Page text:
The role of a presidential spokesman is mostly a no-win situation. It is his lot to champion and defend the president in all materials particular even where he personally entertains a different opinion. It is also in this capacity that he has to play the advocate to unpopular policies, which remain unpopular no matter how well intentioned and in good faith they are conceived. If this role is ordinarily problematique, it is doubly so for a spokesman of Reuben’s antecedence. His immediate background is that of being at the vanguard of the adversarial liberal media intelligentsia in Nigeria-a station he took and projected with uncommon talent, populist gusto and intellectual aplomb. His column, like other successful columns, pandered to the insatiable appetite-for pedantic disdain and scorn-of a conflicted and condescending Nigerian elite perpetually at war with itself and the Nigerian nation.
Nigeria is a country comprising very few Nigerians and teeming with a multitude of Yoruba, Igbos, Kanuri, Efiks, Beroms et al. It is a country brimming with numberless egotistical critics and attended only by a handful of patriots. It is an open secret that if a referendum is conducted today on the desirability of a loose federation (often a synonym for dissolution) majority of the sub nationalities would opt for loosening the bonds that tie us together. We remain together not because we are happy to do so but on account of the collateral damage of disintegration. I was told of a notable columnist who captured this sentiment in a rather accurate depiction of what the release of Major Hamza al-Mustapha meant to Nigerians as “Mourning in Lagos and Celebration in Kano”.
Nigerians are generally alienated from Nigeria and it is considered a mortal sin for any Nigerian not to speak ill of his country and suggest that the Nigerian state and its personification i.e. government, has ever done anything commendable. I do not know if it has come to other people’s attention-the perennial denunciation that every successive federal government (since I can remember) has been consistently cited as the worst government Nigeria ever had; the most corrupt government in the history of Nigeria. A rather voluble leading opposition commentator was recently asked why he believes Dr. Frederick Fasehun is a devil that must be kept at arm’s length and he said Fasehun dared suggest that there could be a modicum of goodness in working with Obasanjo (as President).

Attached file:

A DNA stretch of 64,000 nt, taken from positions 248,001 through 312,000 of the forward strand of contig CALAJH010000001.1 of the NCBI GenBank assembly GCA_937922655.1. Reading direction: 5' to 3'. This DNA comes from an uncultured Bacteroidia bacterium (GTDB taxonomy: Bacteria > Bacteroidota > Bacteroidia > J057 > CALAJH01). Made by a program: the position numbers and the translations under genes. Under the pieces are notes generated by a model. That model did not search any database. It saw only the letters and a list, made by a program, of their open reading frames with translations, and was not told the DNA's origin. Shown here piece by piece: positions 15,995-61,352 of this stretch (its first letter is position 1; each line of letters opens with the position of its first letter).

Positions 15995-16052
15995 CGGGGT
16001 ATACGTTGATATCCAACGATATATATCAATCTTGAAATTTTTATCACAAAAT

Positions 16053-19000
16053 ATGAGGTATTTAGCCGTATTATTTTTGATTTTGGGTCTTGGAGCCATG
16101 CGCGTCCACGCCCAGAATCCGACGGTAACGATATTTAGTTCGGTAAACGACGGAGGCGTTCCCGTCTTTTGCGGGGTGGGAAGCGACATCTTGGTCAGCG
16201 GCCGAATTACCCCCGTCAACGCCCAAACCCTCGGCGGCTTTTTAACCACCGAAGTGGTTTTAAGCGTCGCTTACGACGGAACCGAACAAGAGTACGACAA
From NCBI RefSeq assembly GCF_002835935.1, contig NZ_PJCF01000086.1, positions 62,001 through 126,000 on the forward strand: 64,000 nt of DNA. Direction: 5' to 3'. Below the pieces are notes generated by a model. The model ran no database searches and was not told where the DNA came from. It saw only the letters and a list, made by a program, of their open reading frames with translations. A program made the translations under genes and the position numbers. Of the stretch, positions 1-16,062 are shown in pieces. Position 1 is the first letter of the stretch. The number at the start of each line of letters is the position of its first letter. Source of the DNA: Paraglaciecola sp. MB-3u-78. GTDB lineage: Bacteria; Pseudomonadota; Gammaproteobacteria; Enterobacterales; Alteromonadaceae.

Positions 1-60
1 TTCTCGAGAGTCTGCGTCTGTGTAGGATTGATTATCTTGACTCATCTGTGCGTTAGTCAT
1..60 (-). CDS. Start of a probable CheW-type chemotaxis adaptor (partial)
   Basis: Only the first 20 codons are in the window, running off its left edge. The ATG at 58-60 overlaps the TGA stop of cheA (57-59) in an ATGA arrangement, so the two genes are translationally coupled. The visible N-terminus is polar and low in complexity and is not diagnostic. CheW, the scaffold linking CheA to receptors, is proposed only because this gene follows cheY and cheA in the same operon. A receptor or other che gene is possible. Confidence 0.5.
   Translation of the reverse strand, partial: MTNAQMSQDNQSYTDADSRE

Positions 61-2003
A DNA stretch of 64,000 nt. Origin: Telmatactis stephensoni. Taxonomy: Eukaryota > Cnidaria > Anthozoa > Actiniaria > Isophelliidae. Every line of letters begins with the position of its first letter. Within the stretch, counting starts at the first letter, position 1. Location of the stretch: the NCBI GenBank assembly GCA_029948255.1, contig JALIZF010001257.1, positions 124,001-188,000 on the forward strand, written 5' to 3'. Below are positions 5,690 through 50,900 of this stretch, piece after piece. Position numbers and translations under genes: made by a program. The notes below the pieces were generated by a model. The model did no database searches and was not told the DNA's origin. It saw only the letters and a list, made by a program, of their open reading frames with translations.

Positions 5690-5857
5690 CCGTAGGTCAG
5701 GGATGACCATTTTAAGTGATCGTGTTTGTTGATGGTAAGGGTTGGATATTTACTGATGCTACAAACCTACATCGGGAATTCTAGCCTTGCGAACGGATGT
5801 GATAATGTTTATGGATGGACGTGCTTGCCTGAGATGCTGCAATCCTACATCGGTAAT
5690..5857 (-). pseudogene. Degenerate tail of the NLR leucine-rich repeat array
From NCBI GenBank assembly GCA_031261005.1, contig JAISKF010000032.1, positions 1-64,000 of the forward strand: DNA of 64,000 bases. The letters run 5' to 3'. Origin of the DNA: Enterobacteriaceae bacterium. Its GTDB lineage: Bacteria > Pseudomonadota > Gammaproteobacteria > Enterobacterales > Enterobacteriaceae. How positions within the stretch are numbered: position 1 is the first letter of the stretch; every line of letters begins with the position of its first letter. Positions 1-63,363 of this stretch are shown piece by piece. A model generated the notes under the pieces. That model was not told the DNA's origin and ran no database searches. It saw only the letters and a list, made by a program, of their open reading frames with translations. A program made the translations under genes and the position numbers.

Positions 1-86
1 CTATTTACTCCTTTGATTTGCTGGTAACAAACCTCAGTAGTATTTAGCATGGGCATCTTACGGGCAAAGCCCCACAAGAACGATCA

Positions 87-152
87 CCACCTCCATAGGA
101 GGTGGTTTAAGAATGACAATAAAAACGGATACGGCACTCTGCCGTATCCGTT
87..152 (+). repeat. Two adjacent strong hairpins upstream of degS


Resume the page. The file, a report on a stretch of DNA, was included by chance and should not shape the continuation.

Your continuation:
But let us return to Reuben. It recently transpired that a column he wrote to entertain his audience three years ago on the imperfections of the first lady was reproduced as an advert to ridicule him as inconstant and unprincipled. Similar exposes have been relentlessly exhumed since he took up station at Aso villa. What has happened and is happening to Reuben is a trend from which his predecessors were not spared. Beyond the question of the individual competence of any particular incumbent, it is a moot point whether – given the enormity of our developmental challenges, the depth of governmental dysfunction and massive infrastructural deficit, given the revolution of rising frustration – any government of Nigeria can be popular. The nature of the problems that dog Nigeria are themselves prescriptive of solutions that are guaranteed to incur the hostility of the public, at least in the short run. We can readily cite the instances of the deregulation of pump sale of PMS and the rationalisation of the public service as conspicuous examples. If we throw into this mix the syndrome of nihilistic criticism and condemnation of government; gross exaggeration of its shortcomings and foibles; externalisation and demonisation of its functionaries; we will see that the job of an embattled spokesman is cut out for him.